Background: The Nazi put great effort into rituals and ceremonies. There is considerable material on this on the GPA. One of the more interesting publications was Die neue Gemeinschaft, which provided guidelines and material for party leaders organizing such events. This page includes photographs of both good and bad staging of such events.
The source: Various issues of Die neue Gemeinschaft.
Pictures of Nazi Ceremonies
The caption under the first photo: “Unfortunately, only the stage is visible in this picture so that the overall impression cannot be judged. However, this is a simple and dignified arrangement. (Ceremony for the war dead in Kreis Schrotersburg, East Prussia).” The caption under the second: “The excessive use of greenery (evergreen branches, round and pointed laurels) creates a very busy and gloomy effect. The concealed ‘fire bowls’ evoke a mysterious, almost mystical mood. The bust of the Führer is hardly recognizable, given the illumination. Besides that, it is not appropriate to use busts or pictures of the Führer in ceremonies honoring the dead. The wreath should not use black crepe, but rather party ribbons! The ‘Iron Cross’ is not in the correct form.” Source: Die neue Gemeinschaft, February 1943.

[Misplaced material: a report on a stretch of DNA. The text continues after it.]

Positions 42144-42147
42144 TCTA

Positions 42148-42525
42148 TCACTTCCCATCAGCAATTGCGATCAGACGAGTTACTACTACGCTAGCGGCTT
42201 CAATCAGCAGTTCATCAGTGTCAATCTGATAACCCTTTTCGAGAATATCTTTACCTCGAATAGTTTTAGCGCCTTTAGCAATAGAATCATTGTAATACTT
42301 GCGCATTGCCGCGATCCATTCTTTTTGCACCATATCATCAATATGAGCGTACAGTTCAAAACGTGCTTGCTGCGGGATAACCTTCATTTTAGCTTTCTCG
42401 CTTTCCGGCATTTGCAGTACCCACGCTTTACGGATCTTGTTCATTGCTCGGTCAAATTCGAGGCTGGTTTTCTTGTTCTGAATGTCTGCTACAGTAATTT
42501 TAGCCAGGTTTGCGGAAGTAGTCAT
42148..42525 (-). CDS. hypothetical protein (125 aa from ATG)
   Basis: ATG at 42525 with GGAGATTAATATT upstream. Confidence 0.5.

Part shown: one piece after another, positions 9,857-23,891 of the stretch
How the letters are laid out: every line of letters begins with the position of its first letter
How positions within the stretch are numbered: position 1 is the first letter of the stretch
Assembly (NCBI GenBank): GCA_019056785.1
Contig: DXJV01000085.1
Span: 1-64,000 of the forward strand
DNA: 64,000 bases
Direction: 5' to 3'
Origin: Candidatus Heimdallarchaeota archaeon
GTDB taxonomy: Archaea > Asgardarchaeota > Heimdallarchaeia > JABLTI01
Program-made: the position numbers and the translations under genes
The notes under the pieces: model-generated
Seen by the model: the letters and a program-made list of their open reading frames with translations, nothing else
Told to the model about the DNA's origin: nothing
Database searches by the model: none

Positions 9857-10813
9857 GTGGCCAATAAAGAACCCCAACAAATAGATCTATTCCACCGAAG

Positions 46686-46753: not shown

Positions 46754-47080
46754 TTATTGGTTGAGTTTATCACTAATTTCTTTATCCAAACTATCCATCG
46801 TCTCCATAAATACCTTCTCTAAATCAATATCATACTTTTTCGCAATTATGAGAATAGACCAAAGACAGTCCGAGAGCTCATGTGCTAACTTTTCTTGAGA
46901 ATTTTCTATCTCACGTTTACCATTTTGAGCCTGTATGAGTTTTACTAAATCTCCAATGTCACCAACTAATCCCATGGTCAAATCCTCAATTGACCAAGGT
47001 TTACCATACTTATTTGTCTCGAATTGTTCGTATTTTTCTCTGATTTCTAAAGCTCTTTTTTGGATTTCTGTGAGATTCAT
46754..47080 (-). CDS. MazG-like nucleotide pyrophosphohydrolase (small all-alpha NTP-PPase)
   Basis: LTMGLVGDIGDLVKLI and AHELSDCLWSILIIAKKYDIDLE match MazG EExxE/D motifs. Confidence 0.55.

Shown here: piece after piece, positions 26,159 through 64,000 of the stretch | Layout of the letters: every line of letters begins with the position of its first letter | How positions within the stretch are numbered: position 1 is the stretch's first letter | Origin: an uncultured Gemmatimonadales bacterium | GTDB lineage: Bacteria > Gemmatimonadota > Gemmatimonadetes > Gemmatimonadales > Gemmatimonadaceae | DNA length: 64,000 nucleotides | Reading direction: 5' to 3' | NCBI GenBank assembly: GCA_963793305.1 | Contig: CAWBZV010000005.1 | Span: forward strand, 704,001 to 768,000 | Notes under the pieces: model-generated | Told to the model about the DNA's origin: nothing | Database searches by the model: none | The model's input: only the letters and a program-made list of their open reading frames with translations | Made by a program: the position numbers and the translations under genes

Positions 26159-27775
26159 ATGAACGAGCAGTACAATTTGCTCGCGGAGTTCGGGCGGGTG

The first caption: “A simple and economical setting.” The second caption: “At first glance one imagines he is looking at a show window ‘decorated’ for the Führer’s birthday. A ceremony honoring the war dead requires somewhat more sensitivity. The staging is very kitschy, particularly the small flower pots that remind one of a tombolo [an Italian lottery game]. And the flags are used as “side curtains”! Source: Die neue Gemeinschaft, February 1943.
“A nicely decorated hall for the Advent season.” Source: Die neue Gemeinschaft, October-November 1943.
“A party leader honors a mother and awards the motherhood cross at an NSDAP ceremony.” Source: Die neue Gemeinschaft, March 1944.
“A party leader speaks at a village Thanksgiving festival. The harvest table is exemplary”. Source: Die neue Gemeinschaft, June-July 1944.
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